Jack, you changed our lives forever and we will never be the same without you. We needed you as much as you needed us. We saved you and you saved us right back. We miss you terribly, but this is not the end. Your journey continues and your legacy lives on and every time I look to heaven I will see your smiling eyes in the twinkling stars above. My heart is breaking, but my soul is soaring with the knowledge that your work on earth is finished and you are finally home.

Thank you, God, for sending us such a perfect gift in Jack.



The first thing that comes to my mind as I stand here in front of all of you is, Why did I agree to do this?  I’m a writer. I don’t stand up in front of large groups of people and talk. 

This is totally a Jack thing.  From day one – Jack has pushed me out of my comfort zone. 

I would like to first take some time to thank the people who have helped me along this journey.

I tend to get a lot of the credit for the care provided to Jack during his life because I’m the one who is out there - on the world-wide web sharing Jack and my experiences.  However, let there be no doubt, there wasn’t anything I did for Jack, that I did alone.

First and foremost, but for the grace of God, I would never have been able to get up each day and put one foot in front of the other these last fifteen years. 

Then there is my silent partner – my husband Mark - who always stood with me, by me and – probably most importantly, who knew when to get the hell out of my way.  I couldn’t have chosen a better partner to have traveled Jack’s journey with.

My children, Hilary, Mary and Eric – who gracefully stepped aside and asked so little of their mother who has spent the majority of their lives focused on their brother.

Two very special doctors who have been there for me since the day Jack left St. Louis Children’s Hospital attached to a ventilator – more than 14 years ago. Dr. Barry Markovitz and Dr. Anne Connolly, who thankfully never blocked me from their email, who were always there to lend an ear and to offer advice, support and compassion - especially this last year. 

My sorority sisters, my comrades in arms – where would I be without you? We've all gotten up every morning since our journeys began wondering how we'd make it through another day, and gone to bed every night not sure how we did it.  We did it with the camaraderie and love we so willingly share with each other. 

Jack’s palliative care/hospice doctors - Dr. Wendy and Dr. Shaw - who were there just when I needed them – when it was no longer feasible to travel back to St. Louis with Jack. 

Pam Ruzi – the first social worker I ever agreed to talk with. She also came along at just the right time.

My family, friends and so many others too numerous to name, who have been there to support me along the way.

It took a village to care for Jack and it took a village to carry his mother through these last 15 years.

So, to MY village, I say Thank You!

Now to my sweet Jack.  

I don’t think I will ever be able to adequately put into words the depth of the goodness, beauty and knowledge that child brought into my life.  Jack truly defined what is important in life – simplicity, contentment, patience, perseverance and love.  Jack challenged me on so many levels, he kept me grounded and he has given my life such purpose and direction.  A little boy who spoke no words, spoke volumes by the way he lived each day.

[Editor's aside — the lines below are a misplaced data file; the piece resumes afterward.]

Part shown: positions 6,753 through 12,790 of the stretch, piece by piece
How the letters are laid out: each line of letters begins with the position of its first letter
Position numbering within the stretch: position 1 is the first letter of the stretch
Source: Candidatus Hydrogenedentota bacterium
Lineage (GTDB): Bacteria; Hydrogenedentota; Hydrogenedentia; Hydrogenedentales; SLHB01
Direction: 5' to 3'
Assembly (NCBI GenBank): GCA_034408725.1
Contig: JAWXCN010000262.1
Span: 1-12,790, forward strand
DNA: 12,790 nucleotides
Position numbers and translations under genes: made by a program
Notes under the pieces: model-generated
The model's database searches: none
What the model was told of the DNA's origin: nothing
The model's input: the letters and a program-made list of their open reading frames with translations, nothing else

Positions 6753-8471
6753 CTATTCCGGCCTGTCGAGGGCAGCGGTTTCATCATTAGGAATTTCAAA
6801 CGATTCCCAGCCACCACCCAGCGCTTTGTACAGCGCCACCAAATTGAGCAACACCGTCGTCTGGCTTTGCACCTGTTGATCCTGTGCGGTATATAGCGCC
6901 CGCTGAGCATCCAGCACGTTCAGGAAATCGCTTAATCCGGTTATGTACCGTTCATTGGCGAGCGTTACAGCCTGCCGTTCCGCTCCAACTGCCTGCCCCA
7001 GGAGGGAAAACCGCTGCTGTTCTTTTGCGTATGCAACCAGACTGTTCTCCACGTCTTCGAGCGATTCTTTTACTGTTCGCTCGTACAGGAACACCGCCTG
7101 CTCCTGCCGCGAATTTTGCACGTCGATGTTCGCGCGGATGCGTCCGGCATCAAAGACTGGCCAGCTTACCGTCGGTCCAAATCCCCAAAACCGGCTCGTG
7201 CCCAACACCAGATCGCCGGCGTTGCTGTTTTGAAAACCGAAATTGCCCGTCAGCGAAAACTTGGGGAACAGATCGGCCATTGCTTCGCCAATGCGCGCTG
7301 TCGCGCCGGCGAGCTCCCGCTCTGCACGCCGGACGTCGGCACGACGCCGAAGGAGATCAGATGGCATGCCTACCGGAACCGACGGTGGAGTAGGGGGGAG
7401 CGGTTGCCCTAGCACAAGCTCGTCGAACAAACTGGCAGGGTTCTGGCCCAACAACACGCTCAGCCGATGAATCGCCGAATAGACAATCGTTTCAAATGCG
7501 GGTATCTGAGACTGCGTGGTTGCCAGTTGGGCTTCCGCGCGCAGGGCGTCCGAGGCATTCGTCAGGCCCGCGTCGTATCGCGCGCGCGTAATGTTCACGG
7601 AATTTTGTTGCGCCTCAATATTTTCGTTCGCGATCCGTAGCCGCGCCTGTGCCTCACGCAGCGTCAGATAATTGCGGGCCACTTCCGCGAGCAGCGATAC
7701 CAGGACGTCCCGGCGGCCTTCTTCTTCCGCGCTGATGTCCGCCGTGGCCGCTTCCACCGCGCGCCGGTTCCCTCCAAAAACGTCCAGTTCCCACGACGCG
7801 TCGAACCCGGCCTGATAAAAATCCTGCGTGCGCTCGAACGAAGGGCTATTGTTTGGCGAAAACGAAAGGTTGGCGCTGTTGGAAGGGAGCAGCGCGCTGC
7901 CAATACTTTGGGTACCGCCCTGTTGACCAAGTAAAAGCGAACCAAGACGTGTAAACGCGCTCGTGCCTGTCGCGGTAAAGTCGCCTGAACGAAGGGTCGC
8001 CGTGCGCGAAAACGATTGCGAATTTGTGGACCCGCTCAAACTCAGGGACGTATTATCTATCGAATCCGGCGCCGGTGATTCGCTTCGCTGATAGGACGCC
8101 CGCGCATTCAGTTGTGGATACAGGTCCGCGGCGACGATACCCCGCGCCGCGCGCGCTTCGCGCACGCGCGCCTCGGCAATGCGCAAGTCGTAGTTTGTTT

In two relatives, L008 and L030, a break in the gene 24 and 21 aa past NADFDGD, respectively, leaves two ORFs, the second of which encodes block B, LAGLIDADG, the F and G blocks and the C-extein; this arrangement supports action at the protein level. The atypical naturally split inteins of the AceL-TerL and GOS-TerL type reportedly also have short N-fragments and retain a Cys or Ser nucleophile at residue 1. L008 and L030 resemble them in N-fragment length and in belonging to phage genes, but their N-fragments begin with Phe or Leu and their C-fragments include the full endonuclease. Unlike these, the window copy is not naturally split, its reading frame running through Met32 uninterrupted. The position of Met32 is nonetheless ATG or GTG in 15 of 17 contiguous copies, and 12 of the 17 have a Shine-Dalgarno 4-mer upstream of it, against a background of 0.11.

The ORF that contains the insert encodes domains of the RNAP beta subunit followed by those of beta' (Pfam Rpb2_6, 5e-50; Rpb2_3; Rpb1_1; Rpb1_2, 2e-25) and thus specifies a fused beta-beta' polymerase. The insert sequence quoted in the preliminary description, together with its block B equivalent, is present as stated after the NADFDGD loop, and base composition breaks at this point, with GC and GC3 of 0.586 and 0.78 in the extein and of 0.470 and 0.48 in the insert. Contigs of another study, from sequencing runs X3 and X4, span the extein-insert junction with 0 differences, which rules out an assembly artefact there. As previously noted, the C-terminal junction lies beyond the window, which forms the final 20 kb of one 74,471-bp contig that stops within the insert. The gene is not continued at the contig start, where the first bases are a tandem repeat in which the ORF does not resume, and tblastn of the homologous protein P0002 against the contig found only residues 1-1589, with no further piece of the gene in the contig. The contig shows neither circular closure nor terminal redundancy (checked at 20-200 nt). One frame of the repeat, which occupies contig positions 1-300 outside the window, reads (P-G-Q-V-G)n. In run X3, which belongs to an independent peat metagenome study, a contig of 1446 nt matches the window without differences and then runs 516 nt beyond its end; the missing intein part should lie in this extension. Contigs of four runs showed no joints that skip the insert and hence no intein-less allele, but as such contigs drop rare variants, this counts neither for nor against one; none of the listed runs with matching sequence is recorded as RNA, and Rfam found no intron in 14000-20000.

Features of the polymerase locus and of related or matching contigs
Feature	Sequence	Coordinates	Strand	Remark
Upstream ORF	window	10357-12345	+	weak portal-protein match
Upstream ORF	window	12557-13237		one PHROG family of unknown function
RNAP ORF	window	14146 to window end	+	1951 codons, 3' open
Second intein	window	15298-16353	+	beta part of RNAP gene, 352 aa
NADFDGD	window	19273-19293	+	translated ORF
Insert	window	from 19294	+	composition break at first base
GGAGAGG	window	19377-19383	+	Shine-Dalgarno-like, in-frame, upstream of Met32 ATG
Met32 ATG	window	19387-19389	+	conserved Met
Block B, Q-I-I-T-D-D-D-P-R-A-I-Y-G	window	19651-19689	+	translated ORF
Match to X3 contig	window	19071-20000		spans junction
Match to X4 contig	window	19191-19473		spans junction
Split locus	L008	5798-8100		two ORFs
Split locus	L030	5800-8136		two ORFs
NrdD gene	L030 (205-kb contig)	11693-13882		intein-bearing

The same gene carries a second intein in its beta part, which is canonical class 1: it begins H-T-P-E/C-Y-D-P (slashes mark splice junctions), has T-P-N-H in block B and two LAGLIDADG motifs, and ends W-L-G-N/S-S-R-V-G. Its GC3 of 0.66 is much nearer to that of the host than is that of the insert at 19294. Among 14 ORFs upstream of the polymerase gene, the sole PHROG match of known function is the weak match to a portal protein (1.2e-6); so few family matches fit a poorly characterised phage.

To acquire wisdom, one must be an observer. Jack was the supreme observer. The wisdom behind his silence was piercing.  There was a spirit about Jack that couldn’t be explained, but could be profoundly felt in our quiet moments together.  I will always cherish those quiet moments, especially those we shared during the last few difficult months of Jack’s life.

For everything Jack gave to enrich my life, I wouldn’t change a thing. For all that Jack had to endure, I would change everything.  Jack faced the hardships of this life with unprecedented joy and grace and he challenged me to do the same.

The loss of Jack is immeasurable.  But, the pain of Jack’s absence is more bearable than the pain of seeing him suffer.  I know the days, months and years ahead will be difficult at times, but I truly find peace in knowing that Jack doesn’t hurt anymore.  And even more than that, that he is now experiencing the indescribable joy of heaven – which he has so rightfully earned.
So, where do I go from here?


With Jack in my heart, I will carry on with a little more kindness, a little more compassion, a little more patience, a little more wisdom and, above all else, I will do my very best to carry on with a SMILE.

And I hope all of you will do the same – in honor of Jack’s memory.


Christy said...

Love. Love. Love. You all wrote wonderful, beautiful reflections. You all did an amazing job reading in front of all those people, on, what I can guess had to be one of the most difficult days ever. I feel honored to have been there.

Love and miss you,
Christy xo

Anonymous said...

Thanks for sharing these reflections...Jack was a truly special person and reading these words make me smile. Hugs, Whitney

Sarah said...

You all did such a beautiful job conveying each of your special relationships with Jack. I'm so happy I was able to be there to share in the laughs and tears, and hold the hands of those who cared for him, as well as hug the hearts of those who loved him most. Love you dear friend!

Susan said...

Jack's service was so moving. I had so many different thoughts and emotions. I really especially loved what all three of you had to say so I am glad to be able to re-read the words here. Your family is in my thoughts. XOXO.